You will find going from north to south in the country like walking along your city’s most eclectic restaurant strip, stopping and tasting a different dish at each business.
There are modern dishes that have been introduced to Brazilian families via foreign influence, intermingled with indigenous, Portuguese and African flavours that have developed over numerous generations.
Brazilian foods are not only spectacular in themselves. The act of eating is a celebration in Brazil and at special times, in the country areas particularly, sitting to eat together is an outward gesture of respect.
As such, many visitors may not at first realise it is not always acceptable to wear a hat or have your shirt off.
Breakfast is generally a feast of coffee and milk, bread ham, cheese and cakes
From the southern areas in Brazil you will encounter many ‘churrascos’ – world-famous Brazilian barbecues – along with rice, and pork salami in Rio Grande do Sul.
Parana has ‘barreado’, a mixture of meat cooked in clay pot with cassava flour and banana.
And Santa Catarina is distinctive for the fish hot pot and apple pie brought by German settlers.
In Brazil’s south-east, the state of Minas Gerais brings ‘pao de queijo’ – a delicious cheese bread – and a diversity of dishes with rice, beans, pork and chicken.
Rio de Janeiro is famed for its diced beef with okra (lady fingers) and prawns with choko. The unexpected fusion of fruits, flowering plants, unusual vegetables and meats can take many English-speaking visitors aback at first, but has to be tried. Absolutely delicious!
Sao Paulo, although very similar in Brazilian cuisine to Minas Gerais, also has notable influences from Italian and Japanese food. Plus it is a haven for Brazil’s beloved ‘pastel’, a pastry filled with either meat, chicken and heart of palm – or made into a dessert with fillings like chocolate and coconut.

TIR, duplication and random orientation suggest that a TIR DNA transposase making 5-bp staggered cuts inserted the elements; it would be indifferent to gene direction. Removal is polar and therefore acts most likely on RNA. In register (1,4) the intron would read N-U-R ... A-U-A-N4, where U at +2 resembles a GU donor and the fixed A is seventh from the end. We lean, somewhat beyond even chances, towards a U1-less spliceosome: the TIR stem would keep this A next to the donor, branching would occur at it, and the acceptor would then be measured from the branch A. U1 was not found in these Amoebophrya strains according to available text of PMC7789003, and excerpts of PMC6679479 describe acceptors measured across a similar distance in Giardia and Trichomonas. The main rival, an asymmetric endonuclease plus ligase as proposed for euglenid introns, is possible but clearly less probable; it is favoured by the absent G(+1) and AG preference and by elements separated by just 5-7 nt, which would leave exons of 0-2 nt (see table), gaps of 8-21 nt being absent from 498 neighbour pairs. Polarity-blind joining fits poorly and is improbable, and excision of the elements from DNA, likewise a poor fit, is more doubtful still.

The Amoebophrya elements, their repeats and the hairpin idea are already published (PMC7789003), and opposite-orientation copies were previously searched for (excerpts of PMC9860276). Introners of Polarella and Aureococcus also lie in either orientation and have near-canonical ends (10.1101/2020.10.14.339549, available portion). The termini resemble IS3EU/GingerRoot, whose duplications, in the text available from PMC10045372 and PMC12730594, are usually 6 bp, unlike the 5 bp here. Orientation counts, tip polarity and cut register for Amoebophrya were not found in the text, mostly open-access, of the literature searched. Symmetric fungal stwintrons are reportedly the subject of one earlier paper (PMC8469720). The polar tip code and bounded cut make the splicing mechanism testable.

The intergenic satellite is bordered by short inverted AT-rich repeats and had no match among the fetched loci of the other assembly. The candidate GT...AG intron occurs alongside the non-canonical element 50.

Along the north and north-eastern coastline fish is most definitely the main dish. Inland of these areas, beef jerky reigns supreme. There is also ‘rapadura’, a sweet made with cane sugar since the days of colonisation.
The very north has the greatest indigenous influence. Many dishes are made with fish, prawns, chillies, cassava and desserts are made with acai, cupuacu and graviola, all Brazilian berries.
Of course, let’s not forget to talk about “feijoada” – a dish very much appreciated from the north to the south of the country, harking back to
Feijoada is a mixture of black beans and smoked pork meat. It is served with couve, rice, pork crackers, farofa (a mix of cassava flour and banana) and orange to help with digestion.
Should you need a beverage to wash down your meal and lubricate conversation around the table, you will no doubt be offered a caipirinha, a famous Brazilian cocktail made with cachaca rum, from locally-grown cane sugar.